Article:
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Title: Oral human β-defensin 2 in HIV-infected subjects with long-term use of antiretroviral therapy
Authors: Nittayananta W.
Kemapunmanus M.
Amornthatree K.
Talungchit S.
Sriplung H.
Keywords: beta defensin 2
RNA directed DNA polymerase inhibitor
cheek mucosa
controlled study
cross-sectional study
enzyme linked immunosorbent assay
highly active antiretroviral therapy
Human immunodeficiency virus infected patient
Human immunodeficiency virus infection
human tissue
major clinical study
mouth examination
priority journal
protein expression
real time polymerase chain reaction
saliva analysis
Analysis of Variance
Anti-HIV Agents
Antimicrobial Cationic Peptides
Case-Control Studies
CD4 Lymphocyte Count
Cross-Sectional Studies
HIV Infections
Immunity, Innate
Middle Aged
Mouth Mucosa
Regression Analysis
Reverse Transcriptase Inhibitors
Reverse Transcriptase Polymerase Chain Reaction
Salivary Proteins and Peptides
Statistics, Nonparametric
Viral Load
Young Adult
Issue Date: 2013
Abstract: Background: The objectives of this study were to determine (i) oral hBD2 expression in HIV-infected subjects compared with non-HIV controls, (ii) the expression of oral hBD2 in HIV-infected subjects with antiretroviral therapy (ART) compared with those without ART, and (iii) factors associated with the expression of oral hBD2. Methods: Oral examination and punched biopsy on buccal mucosa were performed in HIV-infected subjects with and without ART, and non-HIV individuals. The expression of hBD2 mRNA was determined by quantitative real-time PCR. Saliva samples of both un-stimulated and stimulated saliva were collected and analyzed for hBD2 levels using ELISA. Student's t-test and nonparametric multi-way ANOVA test were used for comparison of measurements between or among groups. Results: One hundred and fifty-seven HIV-infected subjects were enrolled: 99 on ART (age range, 23-57years; mean 39years), 58 not on ART (age range, 20-59years; mean 34years), and 50 non-HIV controls (age range, 19-59years; mean 36years). The most common ART regimen was two nucleoside reverse transcriptase inhibitors+one non-nucleoside reverse transcriptase inhibitor. Salivary levels of hBD2 were significantly increased in HIV infection (P<0.001). The levels of hBD2 in stimulated saliva were also found to be significantly different between HIV-infected subjects who were and were not on ART (P<0.001). No significant difference was observed with the expression of hBD2 mRNA. Conclusion: Oral innate immunity is affected by HIV infection and use of ART. Salivary hBD2 levels may be the useful biomarkers to monitor those on long-term ART who are at risk of developing oral infections and malignant transformation. © 2012 John Wiley & Sons A/S.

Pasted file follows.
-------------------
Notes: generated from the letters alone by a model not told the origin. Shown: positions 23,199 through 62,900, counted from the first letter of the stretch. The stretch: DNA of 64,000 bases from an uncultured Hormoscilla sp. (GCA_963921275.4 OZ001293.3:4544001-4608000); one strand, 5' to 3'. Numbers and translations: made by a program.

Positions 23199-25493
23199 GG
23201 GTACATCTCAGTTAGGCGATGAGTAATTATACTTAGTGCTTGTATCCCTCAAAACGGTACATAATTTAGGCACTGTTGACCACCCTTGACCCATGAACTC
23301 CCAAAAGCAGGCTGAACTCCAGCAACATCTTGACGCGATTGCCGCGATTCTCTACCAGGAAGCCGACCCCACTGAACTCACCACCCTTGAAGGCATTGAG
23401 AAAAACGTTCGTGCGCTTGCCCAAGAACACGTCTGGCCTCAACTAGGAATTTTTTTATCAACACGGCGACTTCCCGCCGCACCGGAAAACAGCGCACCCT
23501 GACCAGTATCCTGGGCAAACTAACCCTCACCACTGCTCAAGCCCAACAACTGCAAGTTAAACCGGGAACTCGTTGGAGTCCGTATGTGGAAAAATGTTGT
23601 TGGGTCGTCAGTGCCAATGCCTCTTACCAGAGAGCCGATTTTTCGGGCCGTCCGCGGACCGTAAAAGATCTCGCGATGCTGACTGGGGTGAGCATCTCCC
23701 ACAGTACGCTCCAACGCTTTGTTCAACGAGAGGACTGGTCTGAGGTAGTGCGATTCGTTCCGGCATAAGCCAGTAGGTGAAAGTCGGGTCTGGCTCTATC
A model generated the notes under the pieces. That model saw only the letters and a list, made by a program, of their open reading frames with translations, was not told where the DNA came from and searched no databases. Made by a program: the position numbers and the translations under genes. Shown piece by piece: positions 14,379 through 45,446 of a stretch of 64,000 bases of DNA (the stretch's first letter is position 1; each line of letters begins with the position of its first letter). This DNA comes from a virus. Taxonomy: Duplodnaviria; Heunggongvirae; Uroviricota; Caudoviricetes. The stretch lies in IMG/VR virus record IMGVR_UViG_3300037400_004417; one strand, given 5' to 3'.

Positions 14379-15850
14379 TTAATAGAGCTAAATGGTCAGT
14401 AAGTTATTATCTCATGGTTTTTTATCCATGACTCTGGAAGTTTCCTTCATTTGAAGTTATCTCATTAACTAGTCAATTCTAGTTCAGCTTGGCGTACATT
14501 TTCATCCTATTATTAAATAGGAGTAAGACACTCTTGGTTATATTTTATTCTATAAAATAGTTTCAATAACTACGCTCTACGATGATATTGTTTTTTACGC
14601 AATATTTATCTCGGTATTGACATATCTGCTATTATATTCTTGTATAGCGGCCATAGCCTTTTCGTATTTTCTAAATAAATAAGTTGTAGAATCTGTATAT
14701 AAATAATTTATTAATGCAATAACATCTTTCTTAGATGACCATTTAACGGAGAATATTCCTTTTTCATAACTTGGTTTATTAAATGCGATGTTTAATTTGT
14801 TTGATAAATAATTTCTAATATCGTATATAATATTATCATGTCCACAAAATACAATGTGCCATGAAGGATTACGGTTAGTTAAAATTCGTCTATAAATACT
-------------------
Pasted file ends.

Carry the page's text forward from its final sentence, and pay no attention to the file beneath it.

ISSN: 9042512
Appears in Collections:Scopus 1983-2021

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